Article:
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SOCIAL JUSTICE AND THE GOSPEL: 12 Things About Which I Hope and Pray We Can All Agree
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SOCIAL JUSTICE AND THE GOSPEL: 12 Things About Which I Hope and Pray We Can All Agree

Posted September 21, 2018 by Sean McDowell

Thaddeus Williams is a friend and Biola colleague of mine who is releasing a book in 2019 that explores the worldview behind today’s social justice movement. I previously interviewed him on this blog, but in this post he writes as a guest blogger aiming to find areas of unity regarding biblical justice. We hope you enjoy this post and consider sharing it with a friend! Sean McDowell

SOCIAL JUSTICE AND THE GOSPEL:

12 Things About Which I Hope and Pray We Can All Agree

Thaddeus Williams

Are current trends toward “social justice” consistent with a Christian worldview? With the recent release of “The Statement on Social Justice and the Gospel”, garnering over 7000 signatures in its first week, a firestorm has erupted in the Christian blogosphere. While some important differences are coming to light, there is far more unity than the current online scuffle lets on.

One reason much of that unity goes uncelebrated has to do with the notoriously fuzzy term “social justice.” Here’s the problem. We could use the term “social justice” to describe what our ancient brothers and sisters did to rescue and adopt those precious little image-bearers who had been discarded like trash at the literal human dumps outside many Roman cities. The same two words could describe William Wilberforce and the Clapham sect’s efforts to topple slavery in the UK, along with Frederick Douglass, Harriet Tubman, and others is the US. “Social justice” could describe Bonhoeffer and the Confessing Church’s efforts to subvert the white supremacist Third Reich. It could also describe Abraham Kuyper’s vision, not an individualistic pietism, but a robust Christianity that seeks to express the Lordship of Jesus over “every square inch” of life and society.

Nowadays, the same combination of two words could even describe Christian efforts to abolish human trafficking, work with the inner-city poor, invest in microloans to help the destitute in the developing world, build hospitals and orphanages, upend racism, and so much more.

When many brothers and sisters in the current feud hear the words “social” and “justice” put together, that’s the kind of stuff they think about. And they’re not wrong. But for many brothers and sisters, the identical configuration of 13 letters—“s o c i a l j u s t i c e”—is packed with altogether non-Christian and often explicitly anti-Christian meanings. And they’re not wrong.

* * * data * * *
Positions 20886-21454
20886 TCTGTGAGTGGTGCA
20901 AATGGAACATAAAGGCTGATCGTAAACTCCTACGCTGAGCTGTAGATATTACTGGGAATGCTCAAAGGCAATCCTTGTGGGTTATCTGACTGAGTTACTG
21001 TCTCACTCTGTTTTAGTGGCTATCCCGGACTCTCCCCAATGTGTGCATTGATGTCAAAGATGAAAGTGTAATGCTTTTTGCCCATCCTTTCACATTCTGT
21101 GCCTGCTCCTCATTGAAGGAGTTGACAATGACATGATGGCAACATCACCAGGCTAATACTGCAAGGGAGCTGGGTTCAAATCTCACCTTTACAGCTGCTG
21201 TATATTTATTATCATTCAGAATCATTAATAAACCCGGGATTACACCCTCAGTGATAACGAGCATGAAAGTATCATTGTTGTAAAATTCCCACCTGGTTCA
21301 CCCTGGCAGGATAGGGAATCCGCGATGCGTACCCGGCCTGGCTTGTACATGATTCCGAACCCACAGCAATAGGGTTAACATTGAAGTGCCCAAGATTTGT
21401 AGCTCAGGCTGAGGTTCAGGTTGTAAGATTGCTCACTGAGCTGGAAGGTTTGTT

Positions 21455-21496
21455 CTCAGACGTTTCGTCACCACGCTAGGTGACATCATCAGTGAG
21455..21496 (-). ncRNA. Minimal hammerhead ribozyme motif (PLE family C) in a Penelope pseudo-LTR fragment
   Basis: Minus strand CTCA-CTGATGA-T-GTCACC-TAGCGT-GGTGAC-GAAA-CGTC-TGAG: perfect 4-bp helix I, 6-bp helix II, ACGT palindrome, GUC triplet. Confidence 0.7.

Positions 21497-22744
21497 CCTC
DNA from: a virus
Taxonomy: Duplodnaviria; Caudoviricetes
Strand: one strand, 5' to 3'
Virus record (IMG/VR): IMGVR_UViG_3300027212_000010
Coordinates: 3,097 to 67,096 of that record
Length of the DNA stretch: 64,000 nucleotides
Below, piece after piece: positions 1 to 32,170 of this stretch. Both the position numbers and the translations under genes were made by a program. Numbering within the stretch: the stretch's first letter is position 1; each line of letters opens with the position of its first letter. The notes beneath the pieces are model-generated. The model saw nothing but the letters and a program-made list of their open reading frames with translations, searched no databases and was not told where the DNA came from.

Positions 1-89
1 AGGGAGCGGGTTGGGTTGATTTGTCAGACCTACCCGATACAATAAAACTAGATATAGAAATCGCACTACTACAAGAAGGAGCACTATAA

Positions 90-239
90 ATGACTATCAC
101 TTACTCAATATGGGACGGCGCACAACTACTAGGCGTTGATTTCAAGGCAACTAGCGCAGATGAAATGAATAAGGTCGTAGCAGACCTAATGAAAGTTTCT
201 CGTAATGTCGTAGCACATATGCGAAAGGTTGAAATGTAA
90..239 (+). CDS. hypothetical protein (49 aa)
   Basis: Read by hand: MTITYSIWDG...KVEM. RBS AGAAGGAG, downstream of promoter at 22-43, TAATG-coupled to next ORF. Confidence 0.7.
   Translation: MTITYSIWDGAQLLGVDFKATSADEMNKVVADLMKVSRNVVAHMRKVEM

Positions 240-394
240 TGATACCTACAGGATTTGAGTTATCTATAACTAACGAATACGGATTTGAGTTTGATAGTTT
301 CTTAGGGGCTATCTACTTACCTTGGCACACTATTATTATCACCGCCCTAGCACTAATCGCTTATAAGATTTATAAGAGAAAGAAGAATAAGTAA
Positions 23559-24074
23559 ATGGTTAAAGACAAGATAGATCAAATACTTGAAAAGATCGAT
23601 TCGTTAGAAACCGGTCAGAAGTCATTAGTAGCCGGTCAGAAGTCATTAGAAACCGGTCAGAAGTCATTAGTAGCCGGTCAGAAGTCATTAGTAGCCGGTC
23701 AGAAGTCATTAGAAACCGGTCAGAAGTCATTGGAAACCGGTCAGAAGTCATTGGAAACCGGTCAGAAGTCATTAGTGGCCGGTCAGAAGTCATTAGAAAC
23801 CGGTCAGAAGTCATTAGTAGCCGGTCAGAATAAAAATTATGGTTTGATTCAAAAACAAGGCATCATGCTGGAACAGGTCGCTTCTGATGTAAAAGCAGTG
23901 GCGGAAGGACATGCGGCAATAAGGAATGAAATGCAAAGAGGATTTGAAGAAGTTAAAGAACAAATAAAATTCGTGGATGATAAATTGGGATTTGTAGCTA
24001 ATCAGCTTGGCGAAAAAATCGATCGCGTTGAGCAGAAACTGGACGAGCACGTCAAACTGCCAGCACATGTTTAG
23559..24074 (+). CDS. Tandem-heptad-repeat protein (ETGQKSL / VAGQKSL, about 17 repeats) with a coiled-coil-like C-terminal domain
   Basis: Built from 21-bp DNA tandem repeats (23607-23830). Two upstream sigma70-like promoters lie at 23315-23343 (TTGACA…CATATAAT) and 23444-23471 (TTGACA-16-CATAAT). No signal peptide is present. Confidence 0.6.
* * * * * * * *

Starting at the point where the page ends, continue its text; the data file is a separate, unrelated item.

Over the last couple decades and especially in the last few years, “social justice” has taken on an extremely charged ideological and political meaning. “Social justice” became a waving banner over movements like Antifa, which sees physical violence against those who think differently as “both ethically justifiable and strategically effective,” and celebrates its under-reported “righteous beatings.” “Social justice” is the banner waved by a disproportionate ratio of professors in humanities and social science departments around the nation where the neo-Marxist oppressor vs. oppressed narrative of Gramsci, Marcuse, and the Frankfurt School, the deconstructionism and everything-is-always-about-power worldview of Foucault and Derrida, and the Gender and Queer Theory of Judith Butler have been injected into the very definition of the term. This ideological definition of “social justice” has been enshrined in the minds of many students and graduates shaping our culture not as a way but as the way to think about justice.

“Social justice” is also the banner over movements with a mission to “disrupt the western-prescribed nuclear family structure,” movements seeking to advance the multi-billion dollar abortion industry, movements on college campuses that have resorted to death threats and violence to silence opposing voices, movements that fire CEOs, boycott chicken sandwiches, and seek through force of law shut down bakeries, crisis pregnancy centers, the Little Sisters of the Poor, and Christian universities who will not bow to their orthodoxy.

In other words, if we paint Christians who sound the call for biblical discernment about “social justice” as a bunch of culturally tone-deaf curmudgeons, then it is we who are tone deaf to the current cultural moment. We are naïve to the meanings that have been baked into American minds with the word combo of “social” and “justice.”